Several years passed before the release of the acoustic tinged “Silver & Gold” in 2000 (CD, Reprise 9362 9362 47305 2), although the end of 1999 had seen the release of another CSNY album, “Looking Forward”. This was then followed by another live album, the curiously titled “Road Rock Vol 1” (CD, Reprise 9362 48036 2), given there has never been a Volume 2. It was credited to “Neil Young Friends And Relatives”, on the basis that various collaborators were on board, but the only really vocal contributor is Chrissie Hynde, who duets with Young on a cover of “All Along The Watchtower”. Unlike the double disc “Year Of The Horse”, this one has a running time of only just over an hour, and although there are some attempts at typical Horse-style ramblings (the opening “Cowgirl In The Sand” drags on for 18 minutes), it doesn’t quite pack the same punch, presumably because the Horse are absent here. One of the songs on here was totally new, never having made it onto a Young studio album before (“Fool For Your Love”) whilst a live DVD in a similar sleeve was issued at the same time, which featured everything from this album, bar “Watchtower”. Young toured Europe in 2001, including an appearance at what was supposed to be the ‘Irish Music’ festival in London, The Fleadh - not too sure exactly what “Cinnamon Girl” quite has in common with The Dubliners. Several new songs were tried out, which featured on his next album, the “soul” influenced “Are You Passionate?” (CD, Reprise 9362 48111 2) in 2002.

Beginning with 2003’s “Greendale” (CD + DVD, Reprise 9362 48533 2), Young began to issue, on a fairly regular basis, CD’s that came initially with a free DVD, sometimes featuring extra footage, but sometimes just featuring the relevant album in High Definition sound, as this was closer to how he wanted the music to sound than the accompanying CD did. “Greendale” has divided critics - a rock opera detailing the life of a family living within a fictional town, I quite enjoyed it’s epic nature last time I listened to it (several songs pass the 10 minute mark), but some critics tore it to shreds. The first pressing includes a solo performance of the album by Young on the DVD, later pressings replaced this with a performance by Young and Crazy Horse.

Were it not for the hi-def sound approach, then there would have been little need for 2004’s “Greatest Hits“ (CD + DVD, Reprise 9362 48924 2), which for the most part offers up selected material from the still-on-catalogue “Decade”, even including “Ohio” and “Helpless”, but which has an overall running time that sees it all sit on a single disc quite comfortably. But it does feature some of the big hitters from the later years, and the free DVD - as well as featuring the full album - also includes the promo clips for “Harvest Moon” and “Free World”.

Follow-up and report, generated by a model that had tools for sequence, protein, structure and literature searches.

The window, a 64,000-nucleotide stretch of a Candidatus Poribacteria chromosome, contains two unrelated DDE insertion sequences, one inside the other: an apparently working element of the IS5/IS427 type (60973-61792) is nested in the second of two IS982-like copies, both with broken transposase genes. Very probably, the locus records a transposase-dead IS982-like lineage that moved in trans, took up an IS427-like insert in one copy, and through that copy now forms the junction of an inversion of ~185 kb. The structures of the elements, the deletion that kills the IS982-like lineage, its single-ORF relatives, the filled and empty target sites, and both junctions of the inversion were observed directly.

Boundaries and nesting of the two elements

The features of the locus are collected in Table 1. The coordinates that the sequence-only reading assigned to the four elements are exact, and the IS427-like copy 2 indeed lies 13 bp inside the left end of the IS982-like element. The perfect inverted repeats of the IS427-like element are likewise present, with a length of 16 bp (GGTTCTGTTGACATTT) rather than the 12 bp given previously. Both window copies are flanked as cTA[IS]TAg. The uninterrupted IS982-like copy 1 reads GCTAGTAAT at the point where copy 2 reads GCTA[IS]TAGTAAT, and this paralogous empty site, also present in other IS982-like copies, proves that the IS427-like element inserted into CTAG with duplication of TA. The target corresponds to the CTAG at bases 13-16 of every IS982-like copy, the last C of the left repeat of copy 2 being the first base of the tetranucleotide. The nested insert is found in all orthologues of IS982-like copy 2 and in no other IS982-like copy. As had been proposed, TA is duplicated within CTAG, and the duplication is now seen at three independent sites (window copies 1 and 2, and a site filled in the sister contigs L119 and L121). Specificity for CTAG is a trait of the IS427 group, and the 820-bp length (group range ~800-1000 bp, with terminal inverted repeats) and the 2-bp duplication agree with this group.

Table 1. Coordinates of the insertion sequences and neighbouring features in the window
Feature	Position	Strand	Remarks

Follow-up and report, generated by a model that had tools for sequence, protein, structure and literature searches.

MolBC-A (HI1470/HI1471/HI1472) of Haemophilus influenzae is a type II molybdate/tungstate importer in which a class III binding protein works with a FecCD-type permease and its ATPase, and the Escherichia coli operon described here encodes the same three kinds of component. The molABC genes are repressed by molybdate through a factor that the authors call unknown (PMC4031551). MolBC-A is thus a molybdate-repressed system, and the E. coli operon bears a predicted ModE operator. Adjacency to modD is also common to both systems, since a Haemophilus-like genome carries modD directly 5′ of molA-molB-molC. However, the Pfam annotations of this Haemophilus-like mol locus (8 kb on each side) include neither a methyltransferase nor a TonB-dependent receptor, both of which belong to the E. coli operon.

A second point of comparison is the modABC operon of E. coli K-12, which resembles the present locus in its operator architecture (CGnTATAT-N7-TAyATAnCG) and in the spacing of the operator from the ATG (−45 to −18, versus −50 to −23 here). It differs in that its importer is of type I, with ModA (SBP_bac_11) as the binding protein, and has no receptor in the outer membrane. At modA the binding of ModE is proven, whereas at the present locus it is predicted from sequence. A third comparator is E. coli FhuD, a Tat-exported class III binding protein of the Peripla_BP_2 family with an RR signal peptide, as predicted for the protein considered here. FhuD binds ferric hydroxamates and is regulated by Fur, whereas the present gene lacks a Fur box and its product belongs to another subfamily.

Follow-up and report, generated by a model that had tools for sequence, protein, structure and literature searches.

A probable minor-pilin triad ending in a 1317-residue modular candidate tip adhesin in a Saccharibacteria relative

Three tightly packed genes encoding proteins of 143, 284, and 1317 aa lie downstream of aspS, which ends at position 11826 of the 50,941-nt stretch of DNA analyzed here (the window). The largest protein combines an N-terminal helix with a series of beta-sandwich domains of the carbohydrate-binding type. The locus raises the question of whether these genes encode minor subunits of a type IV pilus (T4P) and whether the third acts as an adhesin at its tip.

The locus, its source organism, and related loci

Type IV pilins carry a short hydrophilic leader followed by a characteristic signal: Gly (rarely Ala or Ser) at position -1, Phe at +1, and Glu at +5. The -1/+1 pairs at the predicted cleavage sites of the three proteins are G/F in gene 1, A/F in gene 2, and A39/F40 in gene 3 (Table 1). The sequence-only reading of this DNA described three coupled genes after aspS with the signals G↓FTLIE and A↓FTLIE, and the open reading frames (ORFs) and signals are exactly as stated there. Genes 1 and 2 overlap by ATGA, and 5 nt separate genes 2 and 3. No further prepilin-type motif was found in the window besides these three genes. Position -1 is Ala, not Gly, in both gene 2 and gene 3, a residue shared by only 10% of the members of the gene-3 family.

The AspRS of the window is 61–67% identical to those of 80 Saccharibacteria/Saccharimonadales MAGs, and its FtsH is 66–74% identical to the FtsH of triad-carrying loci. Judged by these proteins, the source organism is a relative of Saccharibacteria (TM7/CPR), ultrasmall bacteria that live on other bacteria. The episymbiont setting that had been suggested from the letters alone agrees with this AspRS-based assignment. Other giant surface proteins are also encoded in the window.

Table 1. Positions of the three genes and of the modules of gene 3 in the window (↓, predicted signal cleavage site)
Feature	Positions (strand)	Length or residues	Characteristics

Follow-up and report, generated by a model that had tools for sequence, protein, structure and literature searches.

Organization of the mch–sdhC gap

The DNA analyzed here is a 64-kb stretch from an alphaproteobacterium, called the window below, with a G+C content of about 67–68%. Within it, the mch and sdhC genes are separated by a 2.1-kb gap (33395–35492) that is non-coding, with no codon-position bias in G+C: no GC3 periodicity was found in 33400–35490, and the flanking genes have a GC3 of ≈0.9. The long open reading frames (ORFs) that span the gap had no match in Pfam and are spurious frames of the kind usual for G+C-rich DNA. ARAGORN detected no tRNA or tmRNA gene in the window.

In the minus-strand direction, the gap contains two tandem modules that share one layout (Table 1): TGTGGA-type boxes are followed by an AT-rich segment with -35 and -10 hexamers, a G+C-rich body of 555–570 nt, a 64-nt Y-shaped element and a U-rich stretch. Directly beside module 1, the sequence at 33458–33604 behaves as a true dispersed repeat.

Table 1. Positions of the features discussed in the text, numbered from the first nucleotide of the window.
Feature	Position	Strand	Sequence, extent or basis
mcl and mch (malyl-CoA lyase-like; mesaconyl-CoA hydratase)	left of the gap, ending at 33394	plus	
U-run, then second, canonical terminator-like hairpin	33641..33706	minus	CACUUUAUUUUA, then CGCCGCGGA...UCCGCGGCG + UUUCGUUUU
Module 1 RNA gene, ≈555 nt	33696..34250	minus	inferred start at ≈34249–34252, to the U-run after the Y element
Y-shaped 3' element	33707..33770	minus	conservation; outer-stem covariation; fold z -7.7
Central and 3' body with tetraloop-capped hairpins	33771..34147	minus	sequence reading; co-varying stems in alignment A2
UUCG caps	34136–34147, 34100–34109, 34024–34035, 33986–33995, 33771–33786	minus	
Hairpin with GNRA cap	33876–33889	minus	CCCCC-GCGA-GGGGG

2005’s “Prairie Wind” (CD + DVD, Reprise 9362 49494 2) was viewed at the time as possibly being Young’s swansong - the record dealt with the death of his father, and was recorded just before Young himself underwent surgery for a serious condition. Some of the lyrics dealt explicitly with mortality, almost as if Young was preparing himself for death, and at times, it can feel incredibly personal. But of course he survived, and returned with the anti-war diatribe that was 2006’s “Living With War” (CD, Reprise 9362 44335 2). A reformed CSNY toured the album, which caused problems at some shows, as parts of the band’s more conservative audience vocally expressed their annoyance at Young’s anti-war, and what seemed to them as anti-American, lyrics.

Towards the fall of 2006, Young began to finally start getting his “Archives” project underway. He started with the release of “Live At The Fillmore East” (CD + DVD, Reprise 9362 44488 2), a 40-ish minute document of (most of) the electric segment of the shows Young played there with Crazy Horse in March 1970. Of the six songs included, three of them were - at the time of recording - brand new songs, including “Winterlong”, as featured on “Decade”. The DVD included the audio from the CD, along with photos from the gig. It was the first of several albums to be released under the banner of the “Neil Young Archives Performance Series” (NYAPS for short), and was labelled ‘Volume 2’ - the volume number related to the recording date of the show within the planned series, meaning that a ‘Volume 1’ was still sitting in the vaults. The following year saw the release of ‘Volume 3’, another double disc release called “Live At Massey Hall 1971” (CD + DVD, Reprise 9362 43327 2), this one coming with a DVD containing exclusive footage.